The data for the Latin and Greek inscriptions in this GIS comes from EAGLE, and comprises over 100,000 inscriptions marked up (largely through an automated process) with EpiDoc. With the help of our European Special Advisor Pietro Liuzzo, we obtained a collection of all the EAGLE files relevant to our provinces of study — i.e. the collection of ‘Classical’ language inscriptions which we can use in our GIS. However, it is not simply a case of dumping these files straight into a GIS: the collection contains multiple appearances of the same inscription in different Epigraphic corpora (e.g. Epigraphic Database Clauss Slaby; Epigraphische Datenbank Heidelberg; Roman Inscriptions of Britain), or even different editions/readings of the same text from the same corpus. We have also identified some problems with the automatic EpiDoc’ing process. For example, some of the files were EpiDoc’ed without geographic co-ordinates — essential references for displaying the data geospatially — and much work is therefore needed to make the data ‘GIS’ ready, either by manually adding in co-ordinates or linking the data up with Pleiades (where possible). The GIS team is currently dedicating most of its time to the cleaning and processing of the material in this way.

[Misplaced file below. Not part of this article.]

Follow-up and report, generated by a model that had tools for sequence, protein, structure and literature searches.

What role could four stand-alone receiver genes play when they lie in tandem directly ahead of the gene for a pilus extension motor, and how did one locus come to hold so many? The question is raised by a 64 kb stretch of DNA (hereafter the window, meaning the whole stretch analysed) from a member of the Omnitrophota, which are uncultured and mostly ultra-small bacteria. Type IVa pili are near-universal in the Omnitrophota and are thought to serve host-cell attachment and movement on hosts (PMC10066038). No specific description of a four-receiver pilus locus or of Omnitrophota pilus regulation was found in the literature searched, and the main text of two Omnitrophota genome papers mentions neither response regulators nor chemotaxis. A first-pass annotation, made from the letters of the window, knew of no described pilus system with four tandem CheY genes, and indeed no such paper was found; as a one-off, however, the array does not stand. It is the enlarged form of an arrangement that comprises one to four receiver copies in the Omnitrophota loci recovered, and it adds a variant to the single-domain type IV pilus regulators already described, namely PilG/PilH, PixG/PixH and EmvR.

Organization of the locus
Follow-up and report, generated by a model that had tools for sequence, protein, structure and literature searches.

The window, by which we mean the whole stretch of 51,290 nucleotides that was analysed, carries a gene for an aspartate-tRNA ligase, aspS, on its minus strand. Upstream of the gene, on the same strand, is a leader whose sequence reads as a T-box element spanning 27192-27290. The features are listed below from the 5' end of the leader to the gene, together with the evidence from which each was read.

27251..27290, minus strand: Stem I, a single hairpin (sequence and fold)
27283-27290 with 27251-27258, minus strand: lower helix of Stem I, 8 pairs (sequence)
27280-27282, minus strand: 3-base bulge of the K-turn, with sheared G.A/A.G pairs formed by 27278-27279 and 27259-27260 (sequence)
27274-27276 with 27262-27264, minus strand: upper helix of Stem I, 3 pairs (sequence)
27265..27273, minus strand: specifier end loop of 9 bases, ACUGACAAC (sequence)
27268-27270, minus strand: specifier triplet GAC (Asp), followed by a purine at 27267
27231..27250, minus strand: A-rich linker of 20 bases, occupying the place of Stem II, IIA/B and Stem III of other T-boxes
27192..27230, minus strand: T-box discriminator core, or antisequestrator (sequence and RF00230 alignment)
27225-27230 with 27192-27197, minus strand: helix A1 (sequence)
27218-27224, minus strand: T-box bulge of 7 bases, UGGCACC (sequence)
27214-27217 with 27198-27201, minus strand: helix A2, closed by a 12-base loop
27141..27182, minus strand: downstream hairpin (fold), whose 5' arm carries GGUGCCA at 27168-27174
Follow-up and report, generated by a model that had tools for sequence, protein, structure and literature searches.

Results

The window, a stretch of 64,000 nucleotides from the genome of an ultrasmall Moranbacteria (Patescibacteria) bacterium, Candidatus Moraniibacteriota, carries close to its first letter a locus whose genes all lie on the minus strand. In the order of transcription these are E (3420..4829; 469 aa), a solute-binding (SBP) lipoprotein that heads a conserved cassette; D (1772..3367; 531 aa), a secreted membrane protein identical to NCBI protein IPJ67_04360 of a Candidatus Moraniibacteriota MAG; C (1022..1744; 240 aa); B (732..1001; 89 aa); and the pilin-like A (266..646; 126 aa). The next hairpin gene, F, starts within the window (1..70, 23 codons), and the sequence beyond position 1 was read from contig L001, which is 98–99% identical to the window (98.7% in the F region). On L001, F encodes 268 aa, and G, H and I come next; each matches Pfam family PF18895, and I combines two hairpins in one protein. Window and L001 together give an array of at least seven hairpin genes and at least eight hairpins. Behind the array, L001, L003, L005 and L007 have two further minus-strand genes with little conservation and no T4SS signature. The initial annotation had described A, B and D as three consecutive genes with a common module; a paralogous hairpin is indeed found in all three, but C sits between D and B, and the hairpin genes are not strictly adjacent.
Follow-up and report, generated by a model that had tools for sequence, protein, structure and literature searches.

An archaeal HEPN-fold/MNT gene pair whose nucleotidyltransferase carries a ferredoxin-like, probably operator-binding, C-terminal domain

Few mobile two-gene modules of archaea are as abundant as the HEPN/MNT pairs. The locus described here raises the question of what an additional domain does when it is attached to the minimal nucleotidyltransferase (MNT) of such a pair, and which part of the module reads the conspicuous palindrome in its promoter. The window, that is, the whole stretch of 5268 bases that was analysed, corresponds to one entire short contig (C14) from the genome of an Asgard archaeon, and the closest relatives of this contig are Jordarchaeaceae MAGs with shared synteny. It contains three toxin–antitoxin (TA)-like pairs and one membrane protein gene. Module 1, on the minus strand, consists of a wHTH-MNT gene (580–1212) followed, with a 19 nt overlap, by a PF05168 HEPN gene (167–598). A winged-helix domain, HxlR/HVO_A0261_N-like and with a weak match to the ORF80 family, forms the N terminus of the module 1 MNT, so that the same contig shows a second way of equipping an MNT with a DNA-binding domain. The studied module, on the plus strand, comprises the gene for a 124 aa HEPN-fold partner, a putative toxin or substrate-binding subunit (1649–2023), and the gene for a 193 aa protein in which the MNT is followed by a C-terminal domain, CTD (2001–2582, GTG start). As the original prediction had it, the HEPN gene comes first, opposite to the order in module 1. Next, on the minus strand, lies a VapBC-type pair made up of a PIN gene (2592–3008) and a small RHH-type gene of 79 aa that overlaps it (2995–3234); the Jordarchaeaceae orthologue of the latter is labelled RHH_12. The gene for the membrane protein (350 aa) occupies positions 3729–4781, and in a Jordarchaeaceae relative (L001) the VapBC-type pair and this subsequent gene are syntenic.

Fig02
Multiple entries for the same inscription from different Epigraphic corpora. Entries with the same ‘tmID’ refer to the same inscription.

We do, however, already have a ‘dirty’ research version of the GIS, for use by the project team. We have been playing around with search queries, and have started to look for spatial patterns in the inscriptional record. As an example, here is a search which brought up inscriptions from Britain dated between AD 50–100 and written on wood. In addition, we have been visualising our inscription points against freely available GIS data from other projects (e.g. OxRep, PAS), in order to think about the social factors